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Fletcher School doctoral students Patrick Meier and Joshua Gleis weigh in on the recent Iranian protests.
Medford/Somerville, Mass. [07.13.09] Within hours of the June 12 re-election of Iranian President Mahmoud Ahmadinejad, massive protests broke out within the country, stirring up a worldwide outcry condemning the election as a fraud.
Fletcher School students Patrick Meier and Joshua Gleis recently spoke with E-News to discuss what they felt were some of the most surprising elements of the events in Iran and what they felt the media has not addressed.
Aside from his PhD work at The Fletcher School, Meier also works with the group DigiActive, a volunteer initiative that promotes the use of digital technology for political empowerment. Meier co-taught an Ex-College class in Spring 2009 on digital democracy.
Note: In Meier's discussion of Twitter users providing proxy addresses for people in Tehran, he is discussing what was done, not promoting it as a good idea. In portions of the interview that were cut due to time constraints, Meier discussed how because of the public nature of Twitter, the regime was able to shut down proxy server access as quickly as they were posted.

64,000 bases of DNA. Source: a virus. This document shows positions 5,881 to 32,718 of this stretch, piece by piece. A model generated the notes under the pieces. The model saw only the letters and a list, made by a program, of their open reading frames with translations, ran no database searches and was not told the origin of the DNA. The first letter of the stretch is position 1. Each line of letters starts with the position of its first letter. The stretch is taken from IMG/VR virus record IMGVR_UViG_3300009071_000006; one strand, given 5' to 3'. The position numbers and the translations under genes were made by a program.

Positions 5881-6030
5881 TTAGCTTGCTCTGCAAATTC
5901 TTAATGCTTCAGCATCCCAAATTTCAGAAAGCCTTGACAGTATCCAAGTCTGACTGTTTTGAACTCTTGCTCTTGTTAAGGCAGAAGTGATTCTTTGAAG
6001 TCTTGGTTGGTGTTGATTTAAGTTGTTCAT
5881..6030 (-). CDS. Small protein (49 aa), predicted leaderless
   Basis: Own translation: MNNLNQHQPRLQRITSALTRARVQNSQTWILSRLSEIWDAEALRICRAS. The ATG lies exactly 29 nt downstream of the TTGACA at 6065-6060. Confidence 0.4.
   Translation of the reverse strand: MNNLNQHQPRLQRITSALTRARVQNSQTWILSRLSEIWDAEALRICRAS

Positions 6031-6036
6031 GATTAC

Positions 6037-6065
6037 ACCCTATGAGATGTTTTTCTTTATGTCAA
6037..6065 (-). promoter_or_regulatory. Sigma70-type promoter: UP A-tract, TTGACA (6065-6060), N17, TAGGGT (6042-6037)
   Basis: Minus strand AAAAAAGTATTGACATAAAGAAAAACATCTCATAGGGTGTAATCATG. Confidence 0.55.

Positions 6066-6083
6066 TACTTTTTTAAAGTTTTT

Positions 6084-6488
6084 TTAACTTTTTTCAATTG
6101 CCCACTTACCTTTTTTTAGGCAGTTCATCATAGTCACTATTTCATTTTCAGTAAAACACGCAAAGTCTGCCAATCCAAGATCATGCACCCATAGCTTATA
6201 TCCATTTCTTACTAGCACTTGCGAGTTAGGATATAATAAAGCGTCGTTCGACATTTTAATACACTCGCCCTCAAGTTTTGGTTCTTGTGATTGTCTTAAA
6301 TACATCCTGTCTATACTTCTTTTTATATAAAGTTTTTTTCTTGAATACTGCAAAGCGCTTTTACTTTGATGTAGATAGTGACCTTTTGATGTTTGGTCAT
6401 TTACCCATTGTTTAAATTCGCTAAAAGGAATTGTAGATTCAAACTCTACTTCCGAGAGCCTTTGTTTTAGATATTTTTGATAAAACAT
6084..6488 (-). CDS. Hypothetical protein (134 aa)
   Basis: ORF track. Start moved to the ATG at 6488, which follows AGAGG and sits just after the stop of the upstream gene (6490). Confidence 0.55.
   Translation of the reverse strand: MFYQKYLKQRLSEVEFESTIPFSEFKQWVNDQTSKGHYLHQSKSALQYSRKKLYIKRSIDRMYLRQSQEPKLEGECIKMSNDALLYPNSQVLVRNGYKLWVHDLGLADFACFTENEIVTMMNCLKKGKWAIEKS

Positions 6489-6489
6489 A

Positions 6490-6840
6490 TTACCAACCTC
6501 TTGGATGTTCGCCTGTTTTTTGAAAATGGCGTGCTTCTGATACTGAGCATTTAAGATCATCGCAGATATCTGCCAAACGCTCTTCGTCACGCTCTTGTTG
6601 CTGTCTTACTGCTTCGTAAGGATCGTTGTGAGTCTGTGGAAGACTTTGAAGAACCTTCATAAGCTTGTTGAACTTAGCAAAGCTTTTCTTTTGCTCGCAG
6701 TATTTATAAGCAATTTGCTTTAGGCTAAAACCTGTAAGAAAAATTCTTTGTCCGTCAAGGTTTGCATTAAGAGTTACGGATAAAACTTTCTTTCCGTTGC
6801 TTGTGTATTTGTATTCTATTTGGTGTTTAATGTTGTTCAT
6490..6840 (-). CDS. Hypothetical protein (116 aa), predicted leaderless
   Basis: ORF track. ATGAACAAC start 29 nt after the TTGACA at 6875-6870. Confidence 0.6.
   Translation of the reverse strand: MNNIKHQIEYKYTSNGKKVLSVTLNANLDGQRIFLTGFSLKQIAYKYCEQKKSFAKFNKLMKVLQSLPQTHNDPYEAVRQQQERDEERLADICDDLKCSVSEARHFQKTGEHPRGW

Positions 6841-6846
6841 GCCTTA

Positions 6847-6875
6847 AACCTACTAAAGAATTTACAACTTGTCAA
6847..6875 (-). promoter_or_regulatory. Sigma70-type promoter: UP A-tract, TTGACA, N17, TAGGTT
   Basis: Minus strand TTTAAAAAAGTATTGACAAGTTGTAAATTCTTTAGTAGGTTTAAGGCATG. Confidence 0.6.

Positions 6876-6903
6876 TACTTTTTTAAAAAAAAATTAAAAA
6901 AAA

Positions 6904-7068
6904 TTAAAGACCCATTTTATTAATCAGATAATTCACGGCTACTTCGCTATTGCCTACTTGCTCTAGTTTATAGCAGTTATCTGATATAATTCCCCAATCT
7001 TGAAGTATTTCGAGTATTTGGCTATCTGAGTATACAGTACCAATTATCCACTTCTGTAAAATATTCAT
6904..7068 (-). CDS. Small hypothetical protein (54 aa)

I think this whole reform movement uprising came as a surprise to both the Iranian government and the international community as a whole.
For the West, the main concern with Iran has been its nuclear program and its support for terrorist organizations. [Mir-Hossein Mousavi, the failed presidential candidate,] was unlikely to have made great changes to Iran's nuclear program, as he was Prime Minister back when that program was launched. But because he was considered a reformer, and as Ahmadinejad had secured his relationship both with the supreme leader Ayatollah Khamenei as well as the Revolutionary Guards, Mousavi was not allowed to win the recent elections.
By manipulating the elections the current Iranian regime showed its true colors to the Iranian community, and helped highlight that they are definitely not living in a democracy despite elections. I think the real movement in Iran, being led by the youth, with a particularly strong leadership role from women, came as a real surprise to nearly everyone in and out of Iran. Anybody that says they predicted it I think is highly exaggerating.
Regarding what I think is the most important thing that the media is not addressing, I believe it is the significance of the clerical leadership in Iran that recently spoke out against the election results and the new government. Yes, it has been reported on, but its significance has not been stressed.
Interviews and video production by Kaitlin Provencher, Web Communications